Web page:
The era surrounding World War I was filled with political and social turmoil. Even before the war, people around the world were busy making huge moves in the social sphere of influence in their countries. One such figure was the famous Jim Larkin, a figure that is responsible for many of the worker’s rights that Irish people enjoy today.
Jim Larkin was born in Liverpool, England on a damp night on January 21, 1876. Jim’s youth wasn’t easy. He worked multiple jobs just to help his family secure the finances necessary for his continued existence. This early life filled with cruel grueling work directly influenced Jim Larkins attitude on workers rights down the line in his life. Jim Larkin worked hard during his early-life. By the time he was a little older, he secured the position of foreman at the Liverpool Docks.
While working as a foreman, he joined the National Union Dock Labourers (NUDL). At the time, it was a great fit; Larkin became a full-time trade organizer in 1905. Time started to change Larkin, however, and as he saw more and more workers being oppressed he started to harden his Marxist views. NUDL eventually shipped him out to Dublin after his protests became too militant for their likings.
In Dublin, Larkin formed the Irish Transport and General Workers Union or ITGWU. He wanted to combine the skills of all Irish industrial workers; a move which eventually would change the course of Ireland forever. He also formed the Irish Labour Party around this time.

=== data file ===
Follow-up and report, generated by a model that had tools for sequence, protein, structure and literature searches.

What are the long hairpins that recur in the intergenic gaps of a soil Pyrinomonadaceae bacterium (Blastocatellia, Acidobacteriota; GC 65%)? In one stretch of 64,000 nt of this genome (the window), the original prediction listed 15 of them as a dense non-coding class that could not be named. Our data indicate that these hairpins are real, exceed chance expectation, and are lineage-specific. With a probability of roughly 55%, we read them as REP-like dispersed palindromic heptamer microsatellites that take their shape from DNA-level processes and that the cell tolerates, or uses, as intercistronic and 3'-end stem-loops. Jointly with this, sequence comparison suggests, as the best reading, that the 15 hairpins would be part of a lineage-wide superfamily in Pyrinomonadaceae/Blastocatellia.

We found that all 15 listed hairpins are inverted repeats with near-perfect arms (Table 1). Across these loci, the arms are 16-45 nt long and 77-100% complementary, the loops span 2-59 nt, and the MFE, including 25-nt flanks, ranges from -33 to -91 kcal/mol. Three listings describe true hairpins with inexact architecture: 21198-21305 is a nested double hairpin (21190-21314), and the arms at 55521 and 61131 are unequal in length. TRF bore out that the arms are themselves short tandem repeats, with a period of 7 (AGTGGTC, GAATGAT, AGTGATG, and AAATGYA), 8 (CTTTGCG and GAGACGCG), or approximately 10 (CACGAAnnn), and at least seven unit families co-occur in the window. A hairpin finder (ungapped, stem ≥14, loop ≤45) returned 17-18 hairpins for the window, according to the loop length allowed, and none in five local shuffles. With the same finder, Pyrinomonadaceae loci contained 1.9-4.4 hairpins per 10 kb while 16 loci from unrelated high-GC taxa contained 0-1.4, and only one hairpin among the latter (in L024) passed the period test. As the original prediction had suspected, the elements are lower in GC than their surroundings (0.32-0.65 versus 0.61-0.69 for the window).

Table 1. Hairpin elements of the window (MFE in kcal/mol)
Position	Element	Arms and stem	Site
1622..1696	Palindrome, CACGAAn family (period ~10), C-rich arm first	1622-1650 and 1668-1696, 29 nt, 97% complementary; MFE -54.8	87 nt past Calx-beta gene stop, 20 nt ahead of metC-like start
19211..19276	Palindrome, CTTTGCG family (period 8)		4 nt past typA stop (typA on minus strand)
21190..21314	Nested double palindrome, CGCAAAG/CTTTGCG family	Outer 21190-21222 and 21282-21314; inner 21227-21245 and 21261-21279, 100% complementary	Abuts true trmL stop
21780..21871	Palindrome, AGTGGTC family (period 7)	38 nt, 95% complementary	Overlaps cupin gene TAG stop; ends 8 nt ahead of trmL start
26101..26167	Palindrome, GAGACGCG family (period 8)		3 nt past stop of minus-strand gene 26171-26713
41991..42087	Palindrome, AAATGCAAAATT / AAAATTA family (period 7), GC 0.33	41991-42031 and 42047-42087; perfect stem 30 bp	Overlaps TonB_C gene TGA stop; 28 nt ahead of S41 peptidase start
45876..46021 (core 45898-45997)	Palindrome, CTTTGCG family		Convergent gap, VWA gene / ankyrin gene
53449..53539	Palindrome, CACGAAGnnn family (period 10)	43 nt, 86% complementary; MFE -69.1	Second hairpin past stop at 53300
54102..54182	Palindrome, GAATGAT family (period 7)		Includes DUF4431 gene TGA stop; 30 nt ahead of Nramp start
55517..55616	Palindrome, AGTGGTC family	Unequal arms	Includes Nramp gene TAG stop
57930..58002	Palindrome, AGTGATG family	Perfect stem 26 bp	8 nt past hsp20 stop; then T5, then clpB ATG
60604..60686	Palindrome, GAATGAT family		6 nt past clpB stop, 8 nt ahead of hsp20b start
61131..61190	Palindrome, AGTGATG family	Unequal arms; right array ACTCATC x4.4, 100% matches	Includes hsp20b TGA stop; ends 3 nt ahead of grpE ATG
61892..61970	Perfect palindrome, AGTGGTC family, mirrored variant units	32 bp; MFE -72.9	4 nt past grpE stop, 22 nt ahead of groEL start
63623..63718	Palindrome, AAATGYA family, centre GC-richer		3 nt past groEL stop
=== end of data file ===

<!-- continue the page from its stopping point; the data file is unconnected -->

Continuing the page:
Situations started to worsen in Ireland for workers, and Jim Larking decided to do something never before done. In 1913, in Dublin, Larkin organized the biggest strike in Irish history. The strike, which was later called the Dublin Lockout, lasted for 8 straight months and included over 100,000 workers. The strike ended with Irish industrial laborers earning the rights to fair employment.
Later in life, Jim moved to the United States. He did so in an effort to raise funds to fight the British and create anti-war protests. The United States government arrested him for communism and anarchism and deported him back to Dublin where he spent the last of his days.
Larkin was a hero of the Irish people. His views forever changed the landscape of Irish labor. The Dublin Lockout was one of the most important labor-related events of the turn of the century.